Marc Amfreville

Université d’Orléans.
Marc Amfreville est maître de conférences à l’université d’Orléans. Il est l’auteur de plusieurs articles consacrés au dix-neuvième siècle américain (Brown, Poe, Irving, Hawthorne), et d’un ouvrage intitulé Charles Brockden Brown, la part du doute (Belin, 2000, collection “Voix américaines”). Il a également dirigé (en collaboration avec F. Charras) le n° 11 de Profils Américains (Avril 2000), consacré à ce même écrivain.

Articles de l'auteur

Cycnos | Volume 17 n°2

“The Deadly Space Between”, stratégies d’indifférenciation dans Billy Budd, Sailor de H. Melville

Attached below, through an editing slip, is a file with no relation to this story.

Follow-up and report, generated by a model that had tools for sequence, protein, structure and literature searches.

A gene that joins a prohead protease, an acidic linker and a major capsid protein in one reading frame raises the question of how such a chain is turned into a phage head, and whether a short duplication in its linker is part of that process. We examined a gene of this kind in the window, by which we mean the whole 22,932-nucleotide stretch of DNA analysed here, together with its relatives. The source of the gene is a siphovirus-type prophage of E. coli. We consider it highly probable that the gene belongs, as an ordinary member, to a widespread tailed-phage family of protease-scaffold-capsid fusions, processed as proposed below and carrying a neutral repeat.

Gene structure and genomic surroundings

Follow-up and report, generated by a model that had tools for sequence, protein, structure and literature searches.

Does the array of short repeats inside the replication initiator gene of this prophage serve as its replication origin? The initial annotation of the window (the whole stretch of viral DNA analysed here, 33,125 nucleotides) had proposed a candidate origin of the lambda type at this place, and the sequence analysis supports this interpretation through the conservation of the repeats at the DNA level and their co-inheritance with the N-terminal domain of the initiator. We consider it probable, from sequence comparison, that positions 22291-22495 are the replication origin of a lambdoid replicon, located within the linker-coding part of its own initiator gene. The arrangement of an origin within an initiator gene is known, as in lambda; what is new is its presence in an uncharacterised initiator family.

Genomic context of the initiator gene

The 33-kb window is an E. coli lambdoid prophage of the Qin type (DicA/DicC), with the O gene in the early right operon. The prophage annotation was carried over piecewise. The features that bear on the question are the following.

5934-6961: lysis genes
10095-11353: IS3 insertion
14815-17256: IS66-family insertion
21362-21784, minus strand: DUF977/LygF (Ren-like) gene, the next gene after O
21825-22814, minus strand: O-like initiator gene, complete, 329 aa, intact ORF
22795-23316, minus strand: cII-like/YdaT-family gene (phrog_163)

Springing from the puzzling nature of Melville’s last novel and the incredibly diverging critical assessments surrounding it, this article analyzes Billy Budd’s method of characterization, its way of resorting to intertextuality and its generic instability. It thus points to a general process of destabilization. After comparing the novel with earlier works by Brown and Hawthorne that similarly stage a sacrifice of the son-figure, this study, drawing from British and American literary criticism, but also from more philosophical sources (Freud, Deleuze), underlines a constant fusion of apparent oppositions. Father/son; good/evil; stammer/eloquence; masculinity/femininity are melted to the point of indistinction in the crucible of what Melville’s narrator evocatively calls: “the deadly space between,” a zone of ambiguity the reader has to cross if he/she wishes to reach real understanding.

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